Monday, 21 February 2011

10 spacial dimensions: what does that mean?

In my previous post I explained why we think there are multiple dimensions. In this post I want to clarify exactly what I mean by "dimensions" and to try to give you a way of visualising what that means in practical terms. The word "practical" is hardly appropriate when we are referring to states of being - of existence - that are literally out of this world, but bear with me.

Esoteric science and spiritual definitions of dimensions include "vibrations" or "planes of existence". For example in the the theosophical and taoist traditions, there are seven named planes: the Physical, Astral, Causal, Akashic, Mental, Messianic and Buddhaic planes. Those who subscribe to a belief in Pleiadian extra terrestrials have a 12 "dimensional" definition of consciousness (more info about this at the foot of this post).

I want to make it clear that the dimensions referred-to in string theory are not (necessarily) the same. In this blog, when I refer to the word "dimension" I am using it as defined by the science of mathematics, unless stated otherwise.

In mathematics the dimensions of a point are the minimum number of co-ordinates necessary to define the position of that point. For now, forget the idea of space-time and try to imagine a dimensionless domain in which there exists a single point. That point has no height, width, depth or any other dimension that can define its position. This is the "zeroth" dimension.

Now define another point, anywhere, and join it to the first by a line. We now have a one-dimensional object that has length but zero width. Another way of thinking about this 1D line is that it consists of an infinite number of points stacked side-by-side in the direction of the first dimension.

Now stack an infinite number of 1D lines side-by-side, parallel to one another. The shortest distance between any two of these lines would be at right angles to the line, measured in the direction of the second dimension. You can imagine that all these 1D lines when placed side by side, define a flat surface or a 2D plane. It has length and breadth but zero height.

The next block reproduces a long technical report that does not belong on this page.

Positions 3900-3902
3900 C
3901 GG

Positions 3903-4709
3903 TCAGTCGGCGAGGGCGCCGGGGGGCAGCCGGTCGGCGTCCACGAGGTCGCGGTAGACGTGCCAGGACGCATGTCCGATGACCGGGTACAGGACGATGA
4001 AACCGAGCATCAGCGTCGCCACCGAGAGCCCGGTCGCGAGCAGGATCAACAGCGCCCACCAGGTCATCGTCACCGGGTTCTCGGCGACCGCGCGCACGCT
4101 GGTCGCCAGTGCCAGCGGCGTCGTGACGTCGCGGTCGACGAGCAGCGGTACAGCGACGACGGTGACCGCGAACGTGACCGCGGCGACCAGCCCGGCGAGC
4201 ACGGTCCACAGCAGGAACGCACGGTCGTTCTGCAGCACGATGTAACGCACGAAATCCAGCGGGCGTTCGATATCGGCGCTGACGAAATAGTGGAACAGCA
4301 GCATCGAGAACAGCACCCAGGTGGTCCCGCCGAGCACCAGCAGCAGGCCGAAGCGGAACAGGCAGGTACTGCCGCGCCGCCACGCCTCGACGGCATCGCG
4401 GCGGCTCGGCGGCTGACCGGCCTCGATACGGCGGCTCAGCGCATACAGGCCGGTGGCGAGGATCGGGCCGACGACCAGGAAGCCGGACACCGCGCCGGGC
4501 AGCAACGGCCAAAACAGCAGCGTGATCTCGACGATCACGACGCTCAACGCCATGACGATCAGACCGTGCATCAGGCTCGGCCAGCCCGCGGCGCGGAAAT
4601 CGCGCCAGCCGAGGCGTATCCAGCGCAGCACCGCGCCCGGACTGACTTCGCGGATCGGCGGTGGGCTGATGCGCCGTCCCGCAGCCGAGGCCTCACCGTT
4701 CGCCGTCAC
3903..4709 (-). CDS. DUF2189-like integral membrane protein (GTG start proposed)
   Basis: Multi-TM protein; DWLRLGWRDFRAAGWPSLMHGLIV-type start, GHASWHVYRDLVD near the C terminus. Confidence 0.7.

Now stack an infinite number of 2D planes on top of one another. The shortest distance between any two of these planes would be at right angles to the plane, measured in the direction of the third dimension. You can imagine that all these planes when placed one on top of another, define a three dimensional domain, like the one that we live in which we call "space".

It is a requirement of each new dimension that it must be at right-angles to all of the other dimensions. In mathematics we use an expression to describe the idea of all the dimensions being at right angles to one another. We say they are "mutually orthogonal".

A diagonal line on the 2D plan can't be a new, third dimension in its own right because any point on that line can be defined entirely using 2D coordinates. Tilt that diagonal line upwards, above the 2D plane and you still haven't defined a new dimension because the line isn't at right angles to the plane. Only when the line is orthogonal to the plane is it possible to move along it - in the third dimension without changing your co-ordinates in the first or second dimensions.

I'm using imagery to help you visualise higher dimensions one at a time, but now we have arrived at our familiar 3D space how can we visualise the 4th spacial dimension? I'll let physicist Carl Sagan do that for you in the following videos.

Part 1

Part 2

We can't easily conceptualise what a 4th spacial dimension might look like, but if you've followed my reasoning so far, you will appreciate that the 4th dimension consists of an infinite number of 3D spaces stacked parallel to one another at right angles. Perhaps these might be thought of as parallel worlds?